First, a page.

How I Became a Salesman

Walkie talkies, uniforms, and special lingo–all features one would expect to find as an agent for the Secret Service. Instead, Caitlin Boersma recalls these quirks as she mulls over her summer working at the mall.

Generally, I have standards for what I’ll do – even for money. I employ one crucial question when looking for work: “Will this job make me want to kill myself?” If my answer is “probably not,” then I’ve found a proper working environment.

Of course, I didn’t follow this criterion when job hunting this summer. I had my reasons. For one, temporary jobs are incredibly hard to find in my hometown. I applied to fifteen places one summer and received only one call for an interview. I was accustomed to working wherever I was hired.

My other thought was that summer is short. Could it hurt to work for three months at a place I loathed? I’d done it before and it hadn’t harmed anyone. I could do it again.

With these thoughts in mind, I headed to the nearest mall. I never thought I’d work in a mall. I hate malls even when I’m shopping. Malls mean claustrophobia, irritating cell phone salesman, and, worst of all, people. In retrospect, I think I must be some sort of masochist.

After making the rounds I found three places with “We’re Hiring” signs. There was an off-brand sandwich shop, a nurse’s uniform store where all the employees were dressed as (guess what?) nurses, and Bath & Body Works.

At least I made the good decision to only apply to Bath & Body Works. I nailed a pre-scheduled group interview an hour after I applied for the job, and soon had myself a keen summer job.

At first, I was looking forward to working at B&BW because I had never worked in retail before. My previous jobs skewed towards food service and libraries. I saw it as a challenge to persuade customers to buy stuff they didn’t want; I wanted to see if I could be a salesman.

It took me all of fifteen minutes to realize that I was not a salesman. After two days of watching videos and studying products, I was put on the floor. I was ready to entice customers with items that would leave them feeling special. Unfortunately, I was hired for the June Sale, and the only thing customers wanted to know was how much stuff they could buy for $5. I wanted to tell them about all the different product lines! I wanted to teach them what monoi oil could do for their skin! They weren’t interested.

I soon realized that working retail was a dog-eat-dog environment. And I wasn’t even on commission.

Customers are funny animals. Apparently they want to buy things, but they just don’t know it yet. My job as a sales “associate” was to show them what they wanted – nay – what they needed to buy.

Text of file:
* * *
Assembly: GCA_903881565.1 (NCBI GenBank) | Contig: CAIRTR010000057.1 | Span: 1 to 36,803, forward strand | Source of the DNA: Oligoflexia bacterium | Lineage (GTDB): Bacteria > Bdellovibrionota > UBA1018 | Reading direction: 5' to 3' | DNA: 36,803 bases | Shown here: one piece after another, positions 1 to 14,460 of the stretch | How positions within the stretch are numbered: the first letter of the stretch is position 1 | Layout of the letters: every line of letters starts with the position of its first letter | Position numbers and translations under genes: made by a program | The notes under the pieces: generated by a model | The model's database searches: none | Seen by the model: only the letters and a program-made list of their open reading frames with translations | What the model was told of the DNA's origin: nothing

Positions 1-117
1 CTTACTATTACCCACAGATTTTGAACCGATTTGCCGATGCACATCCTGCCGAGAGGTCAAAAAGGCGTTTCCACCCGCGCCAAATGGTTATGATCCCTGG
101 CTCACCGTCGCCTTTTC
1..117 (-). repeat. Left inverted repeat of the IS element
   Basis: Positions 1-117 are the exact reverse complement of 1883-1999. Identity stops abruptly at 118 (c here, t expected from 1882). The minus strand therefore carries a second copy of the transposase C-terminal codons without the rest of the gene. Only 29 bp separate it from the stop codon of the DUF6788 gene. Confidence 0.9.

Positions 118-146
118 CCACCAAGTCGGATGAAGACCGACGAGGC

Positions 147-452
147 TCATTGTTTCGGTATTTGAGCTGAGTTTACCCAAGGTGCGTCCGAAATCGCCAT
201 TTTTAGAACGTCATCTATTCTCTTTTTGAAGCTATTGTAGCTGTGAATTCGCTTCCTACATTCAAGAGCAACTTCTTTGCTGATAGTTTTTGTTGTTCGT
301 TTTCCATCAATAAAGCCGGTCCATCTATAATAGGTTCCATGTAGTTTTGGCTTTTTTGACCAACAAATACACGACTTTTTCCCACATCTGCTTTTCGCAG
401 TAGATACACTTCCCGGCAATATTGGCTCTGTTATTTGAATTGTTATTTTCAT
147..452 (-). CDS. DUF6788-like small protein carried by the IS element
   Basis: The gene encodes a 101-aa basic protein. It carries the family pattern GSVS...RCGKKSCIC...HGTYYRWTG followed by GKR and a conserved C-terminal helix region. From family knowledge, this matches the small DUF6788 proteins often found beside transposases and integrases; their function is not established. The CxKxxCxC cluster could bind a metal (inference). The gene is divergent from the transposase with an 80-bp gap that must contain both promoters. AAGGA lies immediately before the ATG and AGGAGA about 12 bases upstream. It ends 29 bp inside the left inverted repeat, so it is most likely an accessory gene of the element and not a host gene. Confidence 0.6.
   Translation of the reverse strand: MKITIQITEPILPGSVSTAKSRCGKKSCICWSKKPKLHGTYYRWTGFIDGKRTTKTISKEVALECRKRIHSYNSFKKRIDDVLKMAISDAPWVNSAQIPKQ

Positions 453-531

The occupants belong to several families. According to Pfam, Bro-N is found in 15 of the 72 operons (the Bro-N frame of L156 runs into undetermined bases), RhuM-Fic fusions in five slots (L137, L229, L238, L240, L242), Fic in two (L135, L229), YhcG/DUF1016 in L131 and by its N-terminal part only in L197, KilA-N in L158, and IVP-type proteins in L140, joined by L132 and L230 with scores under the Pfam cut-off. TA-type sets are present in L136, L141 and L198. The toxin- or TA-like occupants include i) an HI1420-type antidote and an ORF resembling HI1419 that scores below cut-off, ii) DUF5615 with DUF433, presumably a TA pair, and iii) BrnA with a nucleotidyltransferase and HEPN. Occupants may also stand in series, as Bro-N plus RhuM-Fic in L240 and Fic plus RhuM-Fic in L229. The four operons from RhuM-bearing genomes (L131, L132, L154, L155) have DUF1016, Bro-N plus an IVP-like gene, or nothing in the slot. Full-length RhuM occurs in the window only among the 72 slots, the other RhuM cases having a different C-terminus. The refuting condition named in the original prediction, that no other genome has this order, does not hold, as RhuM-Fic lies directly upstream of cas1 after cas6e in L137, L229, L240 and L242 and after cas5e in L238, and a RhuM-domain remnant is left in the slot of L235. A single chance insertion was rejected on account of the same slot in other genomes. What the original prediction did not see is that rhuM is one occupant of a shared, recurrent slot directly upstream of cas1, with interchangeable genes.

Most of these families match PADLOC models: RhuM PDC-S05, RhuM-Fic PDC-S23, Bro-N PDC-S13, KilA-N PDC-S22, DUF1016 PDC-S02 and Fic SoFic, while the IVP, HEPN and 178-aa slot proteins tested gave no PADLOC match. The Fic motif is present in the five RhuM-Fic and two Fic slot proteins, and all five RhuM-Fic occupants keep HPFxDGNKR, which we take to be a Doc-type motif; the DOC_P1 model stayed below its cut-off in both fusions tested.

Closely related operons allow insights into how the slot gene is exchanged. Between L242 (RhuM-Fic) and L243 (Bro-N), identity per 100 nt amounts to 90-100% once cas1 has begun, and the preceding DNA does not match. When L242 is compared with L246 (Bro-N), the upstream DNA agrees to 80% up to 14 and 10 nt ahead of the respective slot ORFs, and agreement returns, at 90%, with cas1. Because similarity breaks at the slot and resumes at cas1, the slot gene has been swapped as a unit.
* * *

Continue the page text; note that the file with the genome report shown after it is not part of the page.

My job as the welcomer in Zone 1, or the “Conversion Zone,” was to turn lookers into buyers. This proved challenging because when customers enter a store, their guard is up. They‘re prepared for nagging peons like me who smile politely and say hello. They’re not fooled by that. So, I learned where to stand so that I could easily block their way and inform them of deals before they got any further. At first, I offered them shopping bags when they walked in, but I was soon told my “bag language” was wrong. After that, I started to give them bags.

Our required dress was a conservative outfit of black and white, an apron, and an earpiece. I liked the radio at first. Any sort of walkie-talkie device gives the impression of being on the inside, and I happen to like secrets. The earpiece turned out to be a real bitch.

The managers worked among the sales associates, and so while they were selling or stocking, they could observe their employee’s behavior. One day I was making my sales pitch about the Signature line to an elderly woman. She was looking for a gift and wasn’t sure which scent to choose. She began telling me about the gift’s recipient so I could help her pick the right product.

A manager saw that I had been listening to this woman for more than thirty seconds and whispered into his microphone “Break away, Caitlin. Break way.” Because of this interruption, I missed her last comment and defaulted to a winning smile, a nod and a “yeah.” I sort of pointed to something for her to try and walked away.

I thought my training was to “pamper” the customer. I was supposed to meet them, determine their “needs” and suggest the appropriate products. But I’m a quick learner. It was plain to see that salesmanship is more a game than a service, and I was determined to win.

Immediately after this passive-aggressive reprimand (he always referred to me as “sweetheart”), I decided to exaggerate my motions. I “touched” every customer in my area in under a minute. I became so annoyed I began entertaining myself by speed walking around my zone spouting “Hiyoufindingeverythingokaygreatlemmeknowifyouhaveanyquestions!!!”

I received this comment over my earpiece: “Way to touch every customer Caitlin! You’re doing a great job, Sweetheart.” I wanted to kick my manager in the shins, but I had learned how to play the game.

I received a few lessons working this summer: Customer Service has nothing to do with the customer; only percentages matter. Smiling all the time and talking about your hair is the best way to make coworkers into friends. People will buy items they don’t need as long as you say it’s half-off.

My hope is that I’ll never need to use this information again. However, if I am in need of a whatever-I-can-find-job again, I know I can survive and even succeed. During my last two weeks, my managers could not stop complimenting me on my product demos and my conversion zone behavior.

I may be a sellout, but at least I’m a winner.

Caitlin Boersma is studying political science and English, but spends most of her time analyzing pop culture. Her premise for a new reality TV show, Killing Andy Milonakis, has yet to be picked up by VH1. She is notorious for spending a week’s wages on a ticket to see Morrissey live.